Enter the password you want to use for your database and re-type to confirm. This is the password WordPress will use to access the database. It IS NOT the MariaDB password. You can select Generate to have phpMyAdmin create a password as well. Make sure you copy and paste or write down the password somewhere safe. You will need it to connect WordPress to the database.

Check the box Create database with same name and grant all privileges.

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You do not need to grant global privileges however privileges can be changed later if you want this user to access another database.

If you want to use SSL enable it on your Disk Station. Enabling SSL on the database may prevent WordPress from connecting to the database correctly.

When finished select the Go button at the lower right of the screen.

The WordPress.org version it does not allow connections for updates and downloads by default. To avoid using FTP, use a UTF-8 text editor such as Komodo IDE or NotePad++ and add the following code at the end of the wp-config-sample.php file. If you do not want to edit the sample config file, use the download link below and extract to your WordPress folder.

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//**The next line allows direct downloads*/
define('FS_METHOD', 'direct');

wp-config-sample.zip
(1.36 KiB) Downloaded 36 times

Now you are ready to install WordPress. There a a few ways to install WordPress depending on what you have setup so far. You can use a URL or a local LAN address in your browser. Choose the method you prefer to start the WordPress installation.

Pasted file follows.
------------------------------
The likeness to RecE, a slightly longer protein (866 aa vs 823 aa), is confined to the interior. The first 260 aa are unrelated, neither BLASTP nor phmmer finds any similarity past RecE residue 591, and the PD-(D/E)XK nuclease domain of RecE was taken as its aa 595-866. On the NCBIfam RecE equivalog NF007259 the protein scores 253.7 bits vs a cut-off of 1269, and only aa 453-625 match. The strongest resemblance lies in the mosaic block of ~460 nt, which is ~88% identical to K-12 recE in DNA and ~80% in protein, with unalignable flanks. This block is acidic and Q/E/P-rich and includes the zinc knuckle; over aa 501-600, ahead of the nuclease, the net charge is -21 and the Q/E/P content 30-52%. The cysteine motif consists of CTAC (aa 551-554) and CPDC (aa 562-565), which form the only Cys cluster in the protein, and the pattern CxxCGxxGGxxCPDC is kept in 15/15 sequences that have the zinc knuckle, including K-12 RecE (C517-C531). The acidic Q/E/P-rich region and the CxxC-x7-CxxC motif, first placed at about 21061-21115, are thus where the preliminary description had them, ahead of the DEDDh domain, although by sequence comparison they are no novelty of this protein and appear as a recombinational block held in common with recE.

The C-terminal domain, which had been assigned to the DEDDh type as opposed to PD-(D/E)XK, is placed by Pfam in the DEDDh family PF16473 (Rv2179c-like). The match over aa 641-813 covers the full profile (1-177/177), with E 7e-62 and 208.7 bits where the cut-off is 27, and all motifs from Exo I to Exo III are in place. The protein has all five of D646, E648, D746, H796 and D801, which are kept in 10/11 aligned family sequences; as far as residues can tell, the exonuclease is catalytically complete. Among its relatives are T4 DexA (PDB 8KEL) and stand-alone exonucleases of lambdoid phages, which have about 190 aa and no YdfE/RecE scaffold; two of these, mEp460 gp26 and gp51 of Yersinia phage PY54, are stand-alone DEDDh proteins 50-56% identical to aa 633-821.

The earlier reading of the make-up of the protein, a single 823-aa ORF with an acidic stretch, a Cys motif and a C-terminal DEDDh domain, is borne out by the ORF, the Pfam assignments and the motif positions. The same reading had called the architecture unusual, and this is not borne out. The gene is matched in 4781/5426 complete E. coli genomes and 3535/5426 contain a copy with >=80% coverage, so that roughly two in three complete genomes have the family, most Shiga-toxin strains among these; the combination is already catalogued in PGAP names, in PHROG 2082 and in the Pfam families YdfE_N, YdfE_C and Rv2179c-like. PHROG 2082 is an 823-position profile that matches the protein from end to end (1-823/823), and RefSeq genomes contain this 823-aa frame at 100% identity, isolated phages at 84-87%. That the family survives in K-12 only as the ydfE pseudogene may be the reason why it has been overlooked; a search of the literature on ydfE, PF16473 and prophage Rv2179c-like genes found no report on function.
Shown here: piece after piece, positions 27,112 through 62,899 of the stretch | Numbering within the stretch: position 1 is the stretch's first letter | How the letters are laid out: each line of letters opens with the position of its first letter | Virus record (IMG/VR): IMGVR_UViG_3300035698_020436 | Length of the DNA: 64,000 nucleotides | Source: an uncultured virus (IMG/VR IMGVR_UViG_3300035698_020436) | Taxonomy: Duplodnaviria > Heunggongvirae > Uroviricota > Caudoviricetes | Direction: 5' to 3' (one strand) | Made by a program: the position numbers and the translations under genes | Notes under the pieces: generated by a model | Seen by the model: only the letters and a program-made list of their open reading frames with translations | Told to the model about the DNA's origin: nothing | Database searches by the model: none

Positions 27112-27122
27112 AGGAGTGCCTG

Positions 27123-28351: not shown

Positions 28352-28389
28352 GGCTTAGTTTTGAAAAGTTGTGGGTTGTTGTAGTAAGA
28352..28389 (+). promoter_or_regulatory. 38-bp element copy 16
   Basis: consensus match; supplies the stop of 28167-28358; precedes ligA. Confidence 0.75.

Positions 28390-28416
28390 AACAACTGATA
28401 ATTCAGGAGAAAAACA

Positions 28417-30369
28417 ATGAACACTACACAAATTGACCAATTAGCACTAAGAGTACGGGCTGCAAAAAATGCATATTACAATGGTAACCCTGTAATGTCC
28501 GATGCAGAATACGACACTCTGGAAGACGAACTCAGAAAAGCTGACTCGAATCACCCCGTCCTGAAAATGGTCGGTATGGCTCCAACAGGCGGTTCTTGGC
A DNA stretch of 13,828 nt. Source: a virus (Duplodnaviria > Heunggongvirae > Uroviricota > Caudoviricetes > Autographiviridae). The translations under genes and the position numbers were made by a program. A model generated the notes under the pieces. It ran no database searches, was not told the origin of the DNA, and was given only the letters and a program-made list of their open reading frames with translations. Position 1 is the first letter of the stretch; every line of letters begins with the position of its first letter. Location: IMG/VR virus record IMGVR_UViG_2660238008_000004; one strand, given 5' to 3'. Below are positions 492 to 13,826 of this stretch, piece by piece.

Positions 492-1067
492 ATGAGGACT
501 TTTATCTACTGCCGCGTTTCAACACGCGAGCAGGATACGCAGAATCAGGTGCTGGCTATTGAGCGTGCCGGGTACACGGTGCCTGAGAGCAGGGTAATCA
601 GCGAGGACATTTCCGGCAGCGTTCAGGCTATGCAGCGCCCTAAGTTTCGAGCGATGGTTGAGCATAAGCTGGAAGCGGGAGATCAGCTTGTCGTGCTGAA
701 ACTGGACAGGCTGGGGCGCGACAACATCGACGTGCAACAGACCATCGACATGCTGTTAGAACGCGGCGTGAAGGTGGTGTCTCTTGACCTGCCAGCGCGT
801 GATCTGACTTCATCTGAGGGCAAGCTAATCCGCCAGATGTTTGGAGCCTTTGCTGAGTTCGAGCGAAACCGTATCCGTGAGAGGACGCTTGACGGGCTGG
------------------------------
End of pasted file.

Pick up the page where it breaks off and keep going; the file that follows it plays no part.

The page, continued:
If WordPress is installed in the web folder, enter your website URL (Universal Resource Locator).

Example URL if WordPress is installed a web sub-folder:

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http://your_domain_name/wordpress_folder_name
If you do not have a URL address setup you can use a LAN address instead.

Example URL to use a LAN address: (replace xxx.xxx.x.xx with your server LAN address)

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http://xxx.xxx.x.xx/wordpress_folder_name
When you connect, you will get the following information screen:

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Select the "Let's go!" button and the following screen appears:

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On this screen enter the database connection information.

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Enter the database name you created in MariaDB using phpMyAdmin.